Over the course of several hours in his Chennai home, Viswanathan "Vishy" Anand has held forth on Mitt Romney's chances of becoming President, the fate of the euro and the intricacies of Spain's "tiki-taka" soccer style. We've also talked about how he became and has stayed the world champion in the most cerebral game mankind has ever invented. Throughout the conversation, Anand has been cool, measured and unhurried. But now the afternoon has taken a surreal turn, and he's leaning forward in his chair, waving his hands and making faces. The smartest man I've ever met is acting out scenes from ... Ali G.
Yes, Anand is a huge fan of Sacha Baron Cohen's famously cretinous hip-hop persona. As he enthusiastically describes Ali G's most idiotic japes, I note the sign on the door to Anand's office, the sanctum where he sharpens his mind by poring over tens of thousands of chess games on his laptop computers and plots his continued dominance of the sport of geniuses. A gift from his wife Aruna, it is an homage to Ali G's first movie: VISHY IS INDAHOUSE. "It reminds me that you can't take everything seriously all of the time," he says. "You have to let yourself laugh."
Anand has plenty to laugh about. In May he retained his world title in Moscow by beating Israeli challenger Boris Gelfand. Anand has been undisputed champion since the end of the chess world's great schism in 2007, when competing titles were unified. Considered a national treasure in India, he may be the world's only chess grandmaster who risks being mobbed in the streets. That level of fame carries rewards. Anand endorses products and services ranging from cookies to computer chips to software training. These days there's plenty of money: his take from beating Gelfand alone was $1.4 million. And his personal life couldn't be in a better place. A year ago, shortly after he and Aruna moved back to Chennai, following a long stay in Spain, they had their first child. "This is the life I've been working for," Anand says. "I'm contented."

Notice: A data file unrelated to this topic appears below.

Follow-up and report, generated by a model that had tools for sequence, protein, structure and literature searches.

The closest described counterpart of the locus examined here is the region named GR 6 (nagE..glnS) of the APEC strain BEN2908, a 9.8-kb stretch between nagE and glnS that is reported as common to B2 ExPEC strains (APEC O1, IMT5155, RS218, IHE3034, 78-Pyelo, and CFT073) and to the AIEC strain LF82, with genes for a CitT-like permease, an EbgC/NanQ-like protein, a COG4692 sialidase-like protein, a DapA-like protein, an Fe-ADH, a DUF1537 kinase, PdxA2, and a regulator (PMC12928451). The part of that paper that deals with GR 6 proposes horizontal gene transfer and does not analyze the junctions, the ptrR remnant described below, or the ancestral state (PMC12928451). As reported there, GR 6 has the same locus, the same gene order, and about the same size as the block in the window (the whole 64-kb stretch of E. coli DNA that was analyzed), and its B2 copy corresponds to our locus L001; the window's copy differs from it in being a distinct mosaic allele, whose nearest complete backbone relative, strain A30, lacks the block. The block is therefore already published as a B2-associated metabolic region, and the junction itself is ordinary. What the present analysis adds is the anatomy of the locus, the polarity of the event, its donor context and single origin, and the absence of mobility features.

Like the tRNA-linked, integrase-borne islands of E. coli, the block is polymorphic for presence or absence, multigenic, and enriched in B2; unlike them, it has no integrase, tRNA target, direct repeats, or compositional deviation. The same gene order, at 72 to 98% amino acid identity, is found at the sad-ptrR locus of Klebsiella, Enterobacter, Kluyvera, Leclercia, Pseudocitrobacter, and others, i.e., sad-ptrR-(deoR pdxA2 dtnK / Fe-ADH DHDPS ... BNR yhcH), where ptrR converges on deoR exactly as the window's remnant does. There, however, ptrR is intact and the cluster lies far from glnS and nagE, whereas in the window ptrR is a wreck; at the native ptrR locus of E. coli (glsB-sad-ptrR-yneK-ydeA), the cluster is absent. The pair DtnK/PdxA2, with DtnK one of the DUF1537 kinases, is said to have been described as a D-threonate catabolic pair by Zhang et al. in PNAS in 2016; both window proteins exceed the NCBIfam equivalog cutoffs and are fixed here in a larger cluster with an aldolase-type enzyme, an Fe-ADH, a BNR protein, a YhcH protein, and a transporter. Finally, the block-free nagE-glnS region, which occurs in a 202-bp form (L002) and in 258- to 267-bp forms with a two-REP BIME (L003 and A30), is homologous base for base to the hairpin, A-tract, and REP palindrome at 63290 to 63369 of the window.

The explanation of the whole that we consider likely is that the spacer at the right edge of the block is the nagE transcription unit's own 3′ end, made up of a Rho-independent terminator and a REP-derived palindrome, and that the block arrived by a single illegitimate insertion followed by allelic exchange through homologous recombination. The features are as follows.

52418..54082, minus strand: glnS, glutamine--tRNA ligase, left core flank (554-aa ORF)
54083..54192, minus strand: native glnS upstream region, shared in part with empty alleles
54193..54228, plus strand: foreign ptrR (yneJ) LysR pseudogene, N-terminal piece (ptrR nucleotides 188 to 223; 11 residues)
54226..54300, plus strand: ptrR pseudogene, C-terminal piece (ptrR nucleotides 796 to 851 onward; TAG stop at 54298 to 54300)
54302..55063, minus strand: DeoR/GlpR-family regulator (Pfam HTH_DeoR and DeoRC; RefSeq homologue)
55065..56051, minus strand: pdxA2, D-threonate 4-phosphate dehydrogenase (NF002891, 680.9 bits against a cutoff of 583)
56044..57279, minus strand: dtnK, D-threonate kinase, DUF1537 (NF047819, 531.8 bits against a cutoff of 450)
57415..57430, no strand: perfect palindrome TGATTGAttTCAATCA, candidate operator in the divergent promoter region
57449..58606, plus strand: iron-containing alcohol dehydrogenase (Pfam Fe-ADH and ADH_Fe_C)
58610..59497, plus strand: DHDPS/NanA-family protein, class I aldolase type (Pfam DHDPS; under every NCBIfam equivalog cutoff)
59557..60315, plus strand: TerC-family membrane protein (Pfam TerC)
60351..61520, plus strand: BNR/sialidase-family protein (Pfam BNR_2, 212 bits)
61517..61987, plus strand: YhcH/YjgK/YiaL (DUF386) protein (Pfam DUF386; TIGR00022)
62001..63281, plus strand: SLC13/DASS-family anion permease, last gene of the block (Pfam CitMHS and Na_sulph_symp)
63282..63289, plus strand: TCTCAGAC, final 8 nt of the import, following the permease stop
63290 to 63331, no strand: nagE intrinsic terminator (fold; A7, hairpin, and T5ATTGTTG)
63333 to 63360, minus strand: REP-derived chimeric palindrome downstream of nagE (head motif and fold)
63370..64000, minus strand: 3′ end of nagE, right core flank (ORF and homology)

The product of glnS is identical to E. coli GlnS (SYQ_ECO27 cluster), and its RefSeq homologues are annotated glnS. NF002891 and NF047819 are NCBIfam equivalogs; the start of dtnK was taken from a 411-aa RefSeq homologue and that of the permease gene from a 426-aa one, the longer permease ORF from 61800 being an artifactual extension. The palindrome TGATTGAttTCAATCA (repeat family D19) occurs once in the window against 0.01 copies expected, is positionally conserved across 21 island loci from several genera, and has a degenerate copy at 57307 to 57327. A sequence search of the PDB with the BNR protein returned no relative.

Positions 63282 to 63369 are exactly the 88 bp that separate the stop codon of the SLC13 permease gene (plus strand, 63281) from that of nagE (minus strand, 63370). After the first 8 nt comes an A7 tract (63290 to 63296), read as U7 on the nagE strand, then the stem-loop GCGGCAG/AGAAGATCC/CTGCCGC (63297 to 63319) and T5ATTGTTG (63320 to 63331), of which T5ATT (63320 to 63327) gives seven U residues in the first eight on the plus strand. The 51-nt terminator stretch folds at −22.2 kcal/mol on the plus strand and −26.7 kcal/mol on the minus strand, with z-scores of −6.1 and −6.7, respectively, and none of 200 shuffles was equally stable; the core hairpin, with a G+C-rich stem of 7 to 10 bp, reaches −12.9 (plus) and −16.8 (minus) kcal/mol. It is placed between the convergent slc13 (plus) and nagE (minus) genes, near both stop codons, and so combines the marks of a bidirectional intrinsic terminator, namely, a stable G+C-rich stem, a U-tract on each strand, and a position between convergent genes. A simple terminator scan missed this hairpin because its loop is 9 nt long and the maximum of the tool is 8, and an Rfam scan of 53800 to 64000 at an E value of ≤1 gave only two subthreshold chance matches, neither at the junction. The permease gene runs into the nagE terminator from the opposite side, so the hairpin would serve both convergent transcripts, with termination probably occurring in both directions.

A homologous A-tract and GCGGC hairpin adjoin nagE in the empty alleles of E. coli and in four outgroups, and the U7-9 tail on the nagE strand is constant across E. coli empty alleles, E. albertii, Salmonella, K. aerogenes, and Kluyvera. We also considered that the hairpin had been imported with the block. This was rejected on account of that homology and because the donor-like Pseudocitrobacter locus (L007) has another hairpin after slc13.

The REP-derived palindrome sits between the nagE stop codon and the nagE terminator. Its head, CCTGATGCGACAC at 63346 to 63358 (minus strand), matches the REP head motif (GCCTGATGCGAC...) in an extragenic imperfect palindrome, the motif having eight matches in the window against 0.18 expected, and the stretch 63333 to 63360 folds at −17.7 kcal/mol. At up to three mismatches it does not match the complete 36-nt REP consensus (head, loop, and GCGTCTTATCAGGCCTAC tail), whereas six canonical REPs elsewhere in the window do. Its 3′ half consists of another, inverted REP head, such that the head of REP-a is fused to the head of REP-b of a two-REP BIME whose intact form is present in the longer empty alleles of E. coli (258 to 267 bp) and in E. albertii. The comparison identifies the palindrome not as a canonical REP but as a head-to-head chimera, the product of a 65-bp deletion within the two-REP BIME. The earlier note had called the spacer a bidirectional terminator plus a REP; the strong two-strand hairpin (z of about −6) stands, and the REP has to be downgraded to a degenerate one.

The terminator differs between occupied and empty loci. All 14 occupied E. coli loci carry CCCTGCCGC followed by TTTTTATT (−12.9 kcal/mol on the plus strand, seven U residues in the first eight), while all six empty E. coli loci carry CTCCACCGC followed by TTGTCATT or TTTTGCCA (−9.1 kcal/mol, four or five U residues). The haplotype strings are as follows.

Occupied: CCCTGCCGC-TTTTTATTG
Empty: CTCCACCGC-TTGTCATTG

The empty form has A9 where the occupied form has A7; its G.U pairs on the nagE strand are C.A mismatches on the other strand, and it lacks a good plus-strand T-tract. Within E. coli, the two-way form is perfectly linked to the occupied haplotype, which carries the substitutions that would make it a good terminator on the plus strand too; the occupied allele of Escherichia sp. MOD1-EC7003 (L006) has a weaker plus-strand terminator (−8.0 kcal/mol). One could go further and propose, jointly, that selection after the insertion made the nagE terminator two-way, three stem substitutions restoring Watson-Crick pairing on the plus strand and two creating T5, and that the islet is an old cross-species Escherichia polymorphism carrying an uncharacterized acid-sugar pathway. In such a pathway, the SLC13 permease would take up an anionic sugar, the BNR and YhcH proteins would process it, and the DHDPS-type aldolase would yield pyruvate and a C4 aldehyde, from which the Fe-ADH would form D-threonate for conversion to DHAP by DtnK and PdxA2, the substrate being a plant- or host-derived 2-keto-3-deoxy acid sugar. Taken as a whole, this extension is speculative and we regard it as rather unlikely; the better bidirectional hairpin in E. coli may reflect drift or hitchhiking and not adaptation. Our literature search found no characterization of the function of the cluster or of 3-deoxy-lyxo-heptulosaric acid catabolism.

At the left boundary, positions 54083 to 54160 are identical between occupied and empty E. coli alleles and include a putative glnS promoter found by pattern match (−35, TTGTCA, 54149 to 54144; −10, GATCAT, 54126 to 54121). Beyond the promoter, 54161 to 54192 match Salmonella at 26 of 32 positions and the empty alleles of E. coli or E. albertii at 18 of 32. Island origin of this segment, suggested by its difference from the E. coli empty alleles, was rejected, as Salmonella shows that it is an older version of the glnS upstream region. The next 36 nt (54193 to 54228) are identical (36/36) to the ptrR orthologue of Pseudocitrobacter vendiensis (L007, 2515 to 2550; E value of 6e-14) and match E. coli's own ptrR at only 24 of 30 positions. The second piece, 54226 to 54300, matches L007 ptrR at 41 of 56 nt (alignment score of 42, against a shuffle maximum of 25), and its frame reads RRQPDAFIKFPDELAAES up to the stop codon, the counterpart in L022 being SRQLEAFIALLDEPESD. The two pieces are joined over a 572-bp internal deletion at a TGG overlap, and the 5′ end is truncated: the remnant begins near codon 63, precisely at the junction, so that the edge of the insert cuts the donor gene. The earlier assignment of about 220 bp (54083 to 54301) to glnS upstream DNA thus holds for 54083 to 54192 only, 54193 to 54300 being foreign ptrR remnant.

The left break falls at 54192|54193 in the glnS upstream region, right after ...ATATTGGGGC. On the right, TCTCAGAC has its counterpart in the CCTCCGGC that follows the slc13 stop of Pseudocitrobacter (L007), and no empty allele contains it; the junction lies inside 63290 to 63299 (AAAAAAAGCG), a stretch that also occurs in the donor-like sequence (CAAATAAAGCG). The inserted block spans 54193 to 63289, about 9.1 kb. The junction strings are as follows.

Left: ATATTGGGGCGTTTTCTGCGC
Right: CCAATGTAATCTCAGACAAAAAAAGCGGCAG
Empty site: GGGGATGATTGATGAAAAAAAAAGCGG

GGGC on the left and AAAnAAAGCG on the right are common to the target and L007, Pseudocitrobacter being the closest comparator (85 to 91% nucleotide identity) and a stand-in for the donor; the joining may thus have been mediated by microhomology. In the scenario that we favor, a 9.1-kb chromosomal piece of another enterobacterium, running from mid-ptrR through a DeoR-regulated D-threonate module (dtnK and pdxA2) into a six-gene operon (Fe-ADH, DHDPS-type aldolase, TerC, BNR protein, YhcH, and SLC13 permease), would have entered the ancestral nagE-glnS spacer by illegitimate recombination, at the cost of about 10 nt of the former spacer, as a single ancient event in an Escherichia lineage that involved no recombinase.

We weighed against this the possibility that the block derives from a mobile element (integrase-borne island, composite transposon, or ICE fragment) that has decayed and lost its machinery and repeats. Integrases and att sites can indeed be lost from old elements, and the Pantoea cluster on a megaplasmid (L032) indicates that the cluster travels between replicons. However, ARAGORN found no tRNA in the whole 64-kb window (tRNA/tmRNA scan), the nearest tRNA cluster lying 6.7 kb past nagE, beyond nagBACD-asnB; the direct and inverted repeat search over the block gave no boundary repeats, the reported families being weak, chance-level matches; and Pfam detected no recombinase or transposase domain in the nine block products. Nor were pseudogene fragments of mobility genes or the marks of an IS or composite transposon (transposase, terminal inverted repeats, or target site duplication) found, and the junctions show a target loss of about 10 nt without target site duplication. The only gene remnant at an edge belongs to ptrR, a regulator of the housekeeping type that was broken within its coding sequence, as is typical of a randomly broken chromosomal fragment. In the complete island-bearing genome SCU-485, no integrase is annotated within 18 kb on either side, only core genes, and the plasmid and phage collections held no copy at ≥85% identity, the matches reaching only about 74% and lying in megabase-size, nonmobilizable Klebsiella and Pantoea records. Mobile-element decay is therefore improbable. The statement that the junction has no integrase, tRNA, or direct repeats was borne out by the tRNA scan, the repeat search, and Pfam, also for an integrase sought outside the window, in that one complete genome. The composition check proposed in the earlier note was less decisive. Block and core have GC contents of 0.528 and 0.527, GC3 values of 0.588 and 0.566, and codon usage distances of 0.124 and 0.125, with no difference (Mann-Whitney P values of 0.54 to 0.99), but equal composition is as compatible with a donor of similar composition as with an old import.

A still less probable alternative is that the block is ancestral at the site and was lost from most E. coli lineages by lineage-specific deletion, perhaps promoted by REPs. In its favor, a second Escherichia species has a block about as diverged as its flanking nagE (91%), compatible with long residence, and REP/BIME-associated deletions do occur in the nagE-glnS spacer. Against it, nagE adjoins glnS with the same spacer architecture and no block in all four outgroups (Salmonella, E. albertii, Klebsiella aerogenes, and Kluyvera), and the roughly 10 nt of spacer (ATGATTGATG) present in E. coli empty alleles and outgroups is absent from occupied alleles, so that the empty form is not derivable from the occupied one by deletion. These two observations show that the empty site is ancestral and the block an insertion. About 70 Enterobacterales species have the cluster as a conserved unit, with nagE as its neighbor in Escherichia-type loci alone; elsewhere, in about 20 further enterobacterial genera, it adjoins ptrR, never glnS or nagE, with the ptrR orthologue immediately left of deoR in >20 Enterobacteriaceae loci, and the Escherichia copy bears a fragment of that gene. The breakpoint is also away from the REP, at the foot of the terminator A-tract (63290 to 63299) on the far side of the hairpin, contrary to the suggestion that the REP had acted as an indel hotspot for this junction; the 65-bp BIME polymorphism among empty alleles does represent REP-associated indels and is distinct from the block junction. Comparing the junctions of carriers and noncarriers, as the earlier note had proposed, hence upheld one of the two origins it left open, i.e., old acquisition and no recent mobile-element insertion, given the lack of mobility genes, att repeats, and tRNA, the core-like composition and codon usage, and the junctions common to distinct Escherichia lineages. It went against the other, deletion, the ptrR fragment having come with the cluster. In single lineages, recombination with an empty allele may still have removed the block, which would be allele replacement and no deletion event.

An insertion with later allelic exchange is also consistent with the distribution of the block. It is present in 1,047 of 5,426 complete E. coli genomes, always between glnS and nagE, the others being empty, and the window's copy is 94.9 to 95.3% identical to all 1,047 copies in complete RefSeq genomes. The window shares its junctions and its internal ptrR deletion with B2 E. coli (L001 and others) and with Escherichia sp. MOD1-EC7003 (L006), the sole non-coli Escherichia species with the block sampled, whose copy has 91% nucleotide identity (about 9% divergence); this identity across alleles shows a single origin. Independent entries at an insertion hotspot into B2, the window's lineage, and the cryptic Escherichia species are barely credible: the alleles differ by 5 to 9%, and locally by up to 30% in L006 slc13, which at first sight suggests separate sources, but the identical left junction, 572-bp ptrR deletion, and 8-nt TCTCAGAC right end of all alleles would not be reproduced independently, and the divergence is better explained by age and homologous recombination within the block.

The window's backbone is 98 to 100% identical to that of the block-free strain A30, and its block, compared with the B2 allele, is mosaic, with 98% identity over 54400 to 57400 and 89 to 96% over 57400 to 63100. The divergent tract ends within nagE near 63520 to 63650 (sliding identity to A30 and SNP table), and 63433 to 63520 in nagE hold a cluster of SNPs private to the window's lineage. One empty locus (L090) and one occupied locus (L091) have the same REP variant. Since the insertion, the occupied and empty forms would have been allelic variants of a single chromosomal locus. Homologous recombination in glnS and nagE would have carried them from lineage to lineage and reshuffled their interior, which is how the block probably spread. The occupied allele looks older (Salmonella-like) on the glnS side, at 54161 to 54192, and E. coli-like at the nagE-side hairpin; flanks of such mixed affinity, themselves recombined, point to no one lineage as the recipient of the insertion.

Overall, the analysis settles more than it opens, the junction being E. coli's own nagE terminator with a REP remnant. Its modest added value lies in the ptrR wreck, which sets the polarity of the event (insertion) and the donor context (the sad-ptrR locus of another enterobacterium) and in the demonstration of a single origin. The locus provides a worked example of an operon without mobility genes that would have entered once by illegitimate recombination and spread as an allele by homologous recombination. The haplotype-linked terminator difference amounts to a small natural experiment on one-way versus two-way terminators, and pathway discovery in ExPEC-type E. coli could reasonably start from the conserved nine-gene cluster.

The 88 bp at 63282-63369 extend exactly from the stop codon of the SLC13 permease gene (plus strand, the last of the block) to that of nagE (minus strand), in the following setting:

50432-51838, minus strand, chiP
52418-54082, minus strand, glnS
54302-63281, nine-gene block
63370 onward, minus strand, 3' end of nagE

But to be king of the board is to wear a thorny crown: the chess world has long been a prickly place, where the size of a player's intellect is often matched only by the dimensions of his ego. Anand's victory over Gelfand was greeted by a chorus of criticism from current and former greats, including Garry Kasparov and British grandmaster Nigel Short. Their complaint: Anand and Gelfand played too conservatively, taking too few risks. Ten of the 12 games were draws, and after both players won one game each, the match was decided by a series of four rapid-fire tiebreakers, with each player getting 25 minutes, plus 10-second increments for every move. Three of those games were draws too. Before the match, Kasparov suggested that Anand was lacking motivation and "sliding downhill." Afterward, Short accused him of playing "middle-aged chess."
Grand Old Master
Anand, who has a reputation for being even-tempered during play and nonconfrontational off the board, has been stung by the criticism. Uncharacteristically, he snapped back at Kasparov, accusing the former world champ of sour grapes. "He's obviously been missing the limelight. Maybe he should not have quit chess [in 2005]," Anand tells me, echoing a sentiment he has expressed several times since May. "He's been trying to persuade every taxi driver in Moscow that I should retire as well." (Kasparov declined to be interviewed for this article.)
But Short's jab about Anand's age may be a more telling blow. At 42, the Indian is undoubtedly long in the tooth for a modern chess champion, old enough to be the father of Norwegian Magnus Carlsen, 21, who tops the ratings compiled by FIDE, the World Chess Federation. (The FIDE ratings are based on tournament play and, as in tennis, allow players to be ranked higher than the reigning world champion.) Eight others in the top 10 are substantially younger than Anand, including Russia's Sergey Karjakin (22); Azerbaijan's Teimour Radjabov (25); and Armenia's Levon Aronian (29), ranked second. Only Ukraine's Vassily Ivanchuk, ranked ninth, is a shade older than the champion.